With 31,000 new cases expected in 2018 (US), and a 50% five-year overall survival rate, there is yet a significant unmet need in the treatment of patients with multiple myeloma (MM). The proteasomal inhibitor bortezomib is approved for the treatment of patients with multiple myeloma. Bortezomib inhibits the degradation of many proteins, including the pro-apoptotic protein NOXA. However, low basal levels of NOXA and/or high levels of the anti-apoptotic protein MCL-1 have been implicated in bortezomib resistance and negative patient outcomes. NOXA functions to sequester MCL-1 and prevent its interaction with the apoptosis inducing proteins, BAK or BAX. The BCL-2 inhibitor, venetoclax, has also been investigated in clinical trials for the treatment of multiple myeloma. Increased MCL-1 expression has been shown to be key in the resistance to venetoclax. Considering the central role of MCL-1 to survival and treatment efficacy in myeloma, we investigated the ability of an MCL-1-lowering agent, namely the CDK9 inhibitor, TP-1287, to suppress tumor growth in non-clinical models of multiple myeloma. TP-1287 is an oral form of the CDK9 inhibitor, alvocidib, and suppresses MCL-1 expression via CDK9-mediated regulation of RNA polymerase II. Alvocidib is currently under clinical investigation in patients with acute myeloid leukemia (AML), in both the frontline and relapse/refractory settings.
We hypothesized that TP-1287 would suppress tumor growth in models of multiple myeloma and would be active in combinations with bortezomib or venetoclax.
Celltiter-Glo and Caspase-Glo assays were used to evaluate the in vitro anti-tumor activity of TP-1287, bortezomib, and venetoclax. We utilized real time PCR to measure gene expression changes in treated cells. We also measured protein expression changes following treatment, using standard gel electrophoresis and immunoblotting technique. In order to assess the anti-tumor activity of these compounds in vivo, we initiated xenograft studies in the RPMI-8226 model for multiple myeloma.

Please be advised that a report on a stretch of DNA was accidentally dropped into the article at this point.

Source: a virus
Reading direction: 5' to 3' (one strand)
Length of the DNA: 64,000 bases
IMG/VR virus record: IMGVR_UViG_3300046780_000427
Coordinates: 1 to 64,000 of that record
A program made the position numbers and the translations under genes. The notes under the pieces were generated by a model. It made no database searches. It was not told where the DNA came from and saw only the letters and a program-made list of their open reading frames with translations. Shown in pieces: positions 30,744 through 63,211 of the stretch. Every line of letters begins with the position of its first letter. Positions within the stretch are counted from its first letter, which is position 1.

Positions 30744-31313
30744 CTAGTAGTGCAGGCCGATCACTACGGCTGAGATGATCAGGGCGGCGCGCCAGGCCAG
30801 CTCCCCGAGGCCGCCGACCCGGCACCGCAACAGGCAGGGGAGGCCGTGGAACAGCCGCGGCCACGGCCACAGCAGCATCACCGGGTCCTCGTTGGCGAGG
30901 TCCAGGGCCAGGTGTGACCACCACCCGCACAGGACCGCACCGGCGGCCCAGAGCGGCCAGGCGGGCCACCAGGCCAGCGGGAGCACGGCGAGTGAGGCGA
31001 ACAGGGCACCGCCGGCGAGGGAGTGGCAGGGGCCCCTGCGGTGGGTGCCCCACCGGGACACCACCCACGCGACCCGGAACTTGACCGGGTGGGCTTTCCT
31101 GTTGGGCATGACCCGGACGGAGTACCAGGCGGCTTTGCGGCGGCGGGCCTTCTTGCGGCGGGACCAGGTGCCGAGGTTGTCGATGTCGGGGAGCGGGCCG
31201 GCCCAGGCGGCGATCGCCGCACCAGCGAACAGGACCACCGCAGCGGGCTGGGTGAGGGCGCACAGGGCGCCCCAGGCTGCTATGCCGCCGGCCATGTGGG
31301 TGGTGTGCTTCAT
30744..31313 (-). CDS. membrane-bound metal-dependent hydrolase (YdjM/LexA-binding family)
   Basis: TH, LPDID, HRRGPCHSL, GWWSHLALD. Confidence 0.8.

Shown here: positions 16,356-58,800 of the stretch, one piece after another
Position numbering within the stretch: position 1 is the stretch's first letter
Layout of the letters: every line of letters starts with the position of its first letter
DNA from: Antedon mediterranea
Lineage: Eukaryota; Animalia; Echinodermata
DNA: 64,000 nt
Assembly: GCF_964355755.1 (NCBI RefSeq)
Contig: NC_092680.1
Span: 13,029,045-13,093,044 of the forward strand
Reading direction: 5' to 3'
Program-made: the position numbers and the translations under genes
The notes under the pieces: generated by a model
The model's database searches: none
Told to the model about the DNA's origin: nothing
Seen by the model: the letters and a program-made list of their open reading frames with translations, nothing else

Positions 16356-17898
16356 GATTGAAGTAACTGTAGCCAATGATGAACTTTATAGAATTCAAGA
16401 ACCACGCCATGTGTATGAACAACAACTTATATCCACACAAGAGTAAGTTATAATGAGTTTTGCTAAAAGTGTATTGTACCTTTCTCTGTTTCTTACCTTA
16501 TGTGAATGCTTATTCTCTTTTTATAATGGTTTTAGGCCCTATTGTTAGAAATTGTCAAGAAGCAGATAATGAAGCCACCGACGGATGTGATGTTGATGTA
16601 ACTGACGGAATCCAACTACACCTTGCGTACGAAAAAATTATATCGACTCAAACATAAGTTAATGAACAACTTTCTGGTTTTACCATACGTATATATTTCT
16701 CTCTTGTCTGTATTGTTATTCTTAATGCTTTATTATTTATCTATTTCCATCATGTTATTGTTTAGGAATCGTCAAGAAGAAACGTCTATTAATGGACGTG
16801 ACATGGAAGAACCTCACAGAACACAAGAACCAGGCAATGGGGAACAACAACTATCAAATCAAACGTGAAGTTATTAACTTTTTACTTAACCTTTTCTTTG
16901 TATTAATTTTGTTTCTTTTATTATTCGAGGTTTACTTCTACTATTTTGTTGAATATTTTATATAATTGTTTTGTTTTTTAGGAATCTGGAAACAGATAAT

In cell viability assays, we observed IC50s ranging from 0.1 nM to over 1000 nM with alvocidib or venetoclax treatment. The addition of up to 100 nM venetoclax resulted in a 2.8-fold reduction in the IC50 of alvocidib in the cultured OPM-2 cell line. Venetoclax activity was potentiated with the addition of alvocidib, resulting in a more than 500-fold decrease in IC50 in the relatively venetoclax-resistant OPM-2 cells. The cleaved form of TP-1287, or alvocidib, was able to reduce MCL-1 protein and mRNA expression in several multiple myeloma cell lines, in a time-dependent fashion. In the RPMI-8226 xenograft model for multiple myeloma, TP-1287 treatment frequency and dose level were explored, with administration of doses up to 15 mg/kg. As a single agent, TP-1287 achieved tumor growth inhibition (%TGI) of 56.0, 76.6, and 93.9% at doses of 2.5, 7.5, and 15 mg/kg, respectively. Additional studies are currently underway to investigate the efficacy of alvocidib and venetoclax in the context of bortezomib resistance where low NOXA may contribute to enhanced cell survival via MCL-1.
Taken together, our data suggest that the combination of alvocidib with venetoclax may constitute a novel therapeutic regimen in the treatment of MM. Further, it suggests that CDK9-mediated targeting of MCL-1 may offer a route to addressing intrinsic resistance in multiple myeloma patients.
Tyagi:Tolero Pharmaceuticals, Inc: Employment. Whatcott:Tolero Pharmaceuticals, Inc: Employment. Foulks:Tolero Pharmaceuticals, Inc: Employment. Siddiqui-Jain:Tolero Pharmaceuticals, Inc: Employment. Bearss:Tolero Pharmaceuticals, Inc: Employment. Warner:Tolero Pharmaceuticals: Employment.
Asterisk with author names denotes non-ASH members.